Word Salads.

I recently gave a presentation in a workshop about clarity in communication. One thing that I have noticed, which is counterintuitive, is that lack of clarity is not correlated to complexity.

You would imagine that as subject matters get more complex, clarity would be more difficult. However, these two concepts are actually separate. The relationship between clarity and complexity is not linear or directly proportional, but rather it is contingent upon the understanding of the speaker and their ability to effectively communicate concepts.

You can explain simple things in complex ways, and complex things in simple ways.

It is really about bridging the gap between your level of knowledge and your audiences. It’s about making them see what you see, feel what you feel, and understand what you understand. That’s where the real art and skill of communication come into play. To do this effectively, one needs to maintain a balance between being comprehensive and being comprehensible.

I am reminded of the brilliant book The Order of Time by the Italian physicist Carlo Rovelli, who manages to write about the extremely complex concept of Quantum Mechanics in simple and beautiful prose such as:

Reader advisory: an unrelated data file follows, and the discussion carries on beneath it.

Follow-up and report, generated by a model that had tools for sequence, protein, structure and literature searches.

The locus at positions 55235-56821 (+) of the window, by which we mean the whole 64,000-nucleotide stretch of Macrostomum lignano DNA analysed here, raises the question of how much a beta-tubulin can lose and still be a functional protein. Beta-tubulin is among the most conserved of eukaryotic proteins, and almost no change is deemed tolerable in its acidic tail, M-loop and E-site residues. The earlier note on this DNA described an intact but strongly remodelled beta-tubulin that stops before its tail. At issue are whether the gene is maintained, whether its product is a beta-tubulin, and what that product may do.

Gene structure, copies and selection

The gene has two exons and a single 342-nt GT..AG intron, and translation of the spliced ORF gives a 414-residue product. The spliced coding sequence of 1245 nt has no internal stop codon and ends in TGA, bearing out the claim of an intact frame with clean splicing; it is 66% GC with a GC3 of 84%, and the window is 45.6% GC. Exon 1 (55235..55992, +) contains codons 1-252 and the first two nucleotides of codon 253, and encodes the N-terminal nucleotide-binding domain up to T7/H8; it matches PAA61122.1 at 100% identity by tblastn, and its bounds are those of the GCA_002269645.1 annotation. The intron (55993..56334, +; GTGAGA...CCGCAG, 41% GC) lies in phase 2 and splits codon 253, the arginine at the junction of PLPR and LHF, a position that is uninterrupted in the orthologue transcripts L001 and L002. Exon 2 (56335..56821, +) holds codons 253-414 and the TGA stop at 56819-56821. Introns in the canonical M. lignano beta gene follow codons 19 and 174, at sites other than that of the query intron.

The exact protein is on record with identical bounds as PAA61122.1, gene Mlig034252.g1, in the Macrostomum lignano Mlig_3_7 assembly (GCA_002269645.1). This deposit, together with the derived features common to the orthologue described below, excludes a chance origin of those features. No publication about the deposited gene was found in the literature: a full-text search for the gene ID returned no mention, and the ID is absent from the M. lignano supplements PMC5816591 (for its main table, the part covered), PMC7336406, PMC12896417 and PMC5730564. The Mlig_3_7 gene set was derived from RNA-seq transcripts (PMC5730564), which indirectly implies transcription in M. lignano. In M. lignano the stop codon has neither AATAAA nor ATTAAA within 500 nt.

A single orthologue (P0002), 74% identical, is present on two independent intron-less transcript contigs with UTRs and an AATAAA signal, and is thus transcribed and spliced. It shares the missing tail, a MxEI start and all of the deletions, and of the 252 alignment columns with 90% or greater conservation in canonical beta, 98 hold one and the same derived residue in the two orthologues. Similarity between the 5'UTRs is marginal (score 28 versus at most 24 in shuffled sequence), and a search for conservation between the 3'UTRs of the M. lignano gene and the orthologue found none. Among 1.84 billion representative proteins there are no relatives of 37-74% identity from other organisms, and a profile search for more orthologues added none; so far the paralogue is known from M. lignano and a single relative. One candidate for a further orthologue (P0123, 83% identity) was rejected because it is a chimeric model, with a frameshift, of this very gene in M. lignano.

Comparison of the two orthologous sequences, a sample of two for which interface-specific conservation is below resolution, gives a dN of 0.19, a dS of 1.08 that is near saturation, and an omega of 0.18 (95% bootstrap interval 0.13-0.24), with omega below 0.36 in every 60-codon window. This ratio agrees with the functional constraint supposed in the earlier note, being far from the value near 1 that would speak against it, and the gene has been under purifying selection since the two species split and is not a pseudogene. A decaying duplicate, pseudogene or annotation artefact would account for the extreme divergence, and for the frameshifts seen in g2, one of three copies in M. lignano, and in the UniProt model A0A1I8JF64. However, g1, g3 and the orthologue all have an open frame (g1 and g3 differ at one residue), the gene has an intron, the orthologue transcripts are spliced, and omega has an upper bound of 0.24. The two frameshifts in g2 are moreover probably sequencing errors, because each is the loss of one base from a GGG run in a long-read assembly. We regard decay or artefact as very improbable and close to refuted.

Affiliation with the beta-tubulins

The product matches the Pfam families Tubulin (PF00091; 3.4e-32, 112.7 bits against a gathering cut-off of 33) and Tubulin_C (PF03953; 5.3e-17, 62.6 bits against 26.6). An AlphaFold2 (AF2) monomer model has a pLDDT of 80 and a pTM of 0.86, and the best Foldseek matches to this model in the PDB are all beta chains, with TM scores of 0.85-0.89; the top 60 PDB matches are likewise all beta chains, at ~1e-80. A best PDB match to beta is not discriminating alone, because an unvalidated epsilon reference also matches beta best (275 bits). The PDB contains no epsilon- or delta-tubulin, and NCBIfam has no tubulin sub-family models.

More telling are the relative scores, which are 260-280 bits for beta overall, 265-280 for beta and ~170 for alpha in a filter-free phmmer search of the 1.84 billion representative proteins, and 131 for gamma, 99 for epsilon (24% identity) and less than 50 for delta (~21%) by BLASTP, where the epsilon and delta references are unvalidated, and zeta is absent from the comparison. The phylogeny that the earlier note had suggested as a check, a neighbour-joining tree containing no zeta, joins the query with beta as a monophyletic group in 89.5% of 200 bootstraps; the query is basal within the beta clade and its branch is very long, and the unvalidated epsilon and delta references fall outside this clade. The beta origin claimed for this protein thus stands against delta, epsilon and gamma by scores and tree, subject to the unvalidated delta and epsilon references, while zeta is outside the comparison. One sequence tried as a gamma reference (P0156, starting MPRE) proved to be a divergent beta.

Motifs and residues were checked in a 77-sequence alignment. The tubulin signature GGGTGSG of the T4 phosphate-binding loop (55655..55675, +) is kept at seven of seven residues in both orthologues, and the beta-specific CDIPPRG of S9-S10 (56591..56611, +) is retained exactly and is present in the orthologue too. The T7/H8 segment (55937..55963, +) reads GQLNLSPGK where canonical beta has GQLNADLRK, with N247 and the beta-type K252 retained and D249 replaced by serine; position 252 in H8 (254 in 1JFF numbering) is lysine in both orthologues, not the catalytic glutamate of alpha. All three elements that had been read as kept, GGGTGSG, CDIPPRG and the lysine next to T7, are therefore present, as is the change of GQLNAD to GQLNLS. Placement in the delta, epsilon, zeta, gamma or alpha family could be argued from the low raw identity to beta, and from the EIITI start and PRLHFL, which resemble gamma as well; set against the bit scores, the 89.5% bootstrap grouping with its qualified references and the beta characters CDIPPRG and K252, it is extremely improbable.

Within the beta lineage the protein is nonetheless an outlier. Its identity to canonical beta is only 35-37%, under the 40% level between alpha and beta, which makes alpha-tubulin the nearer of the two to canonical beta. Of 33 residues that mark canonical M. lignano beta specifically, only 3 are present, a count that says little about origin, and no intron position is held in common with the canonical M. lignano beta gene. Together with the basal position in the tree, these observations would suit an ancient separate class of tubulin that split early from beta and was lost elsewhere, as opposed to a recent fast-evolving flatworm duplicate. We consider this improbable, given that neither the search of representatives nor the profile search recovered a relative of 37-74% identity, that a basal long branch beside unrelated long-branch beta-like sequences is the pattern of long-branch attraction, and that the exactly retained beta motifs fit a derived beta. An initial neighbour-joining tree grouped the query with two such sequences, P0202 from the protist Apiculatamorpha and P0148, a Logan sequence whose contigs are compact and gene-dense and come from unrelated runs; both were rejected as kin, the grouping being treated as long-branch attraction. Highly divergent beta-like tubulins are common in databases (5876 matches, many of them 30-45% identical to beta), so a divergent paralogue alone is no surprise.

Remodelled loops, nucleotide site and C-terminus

We are stories, contained within the twenty complicated centimeters behind our eyes.

Clarity in communication is founded in clarity of thinking. One needs to deeply understand a subject matter to communicate it to others clearly. I often like to joke that if you don’t know what you’re talking about, the easiest way to hide that fact is to write 100-page report.

Sometimes, clarity comes from finding the right analogies, examples, stories, and metaphors. While you need to have mastery of the technical details, finding ways to connect with your audience in a human, relatable way creates understanding. Stories and examples are key.

The key thing to avoid are word salads. This happens when there is a lot of volume, but little substance. Many organisations suffer from this. Their leadership can speak for 30 minutes, and yet nothing is said. A 50-page strategy report is issued, but the next action steps are unclear and nobody is aligned.

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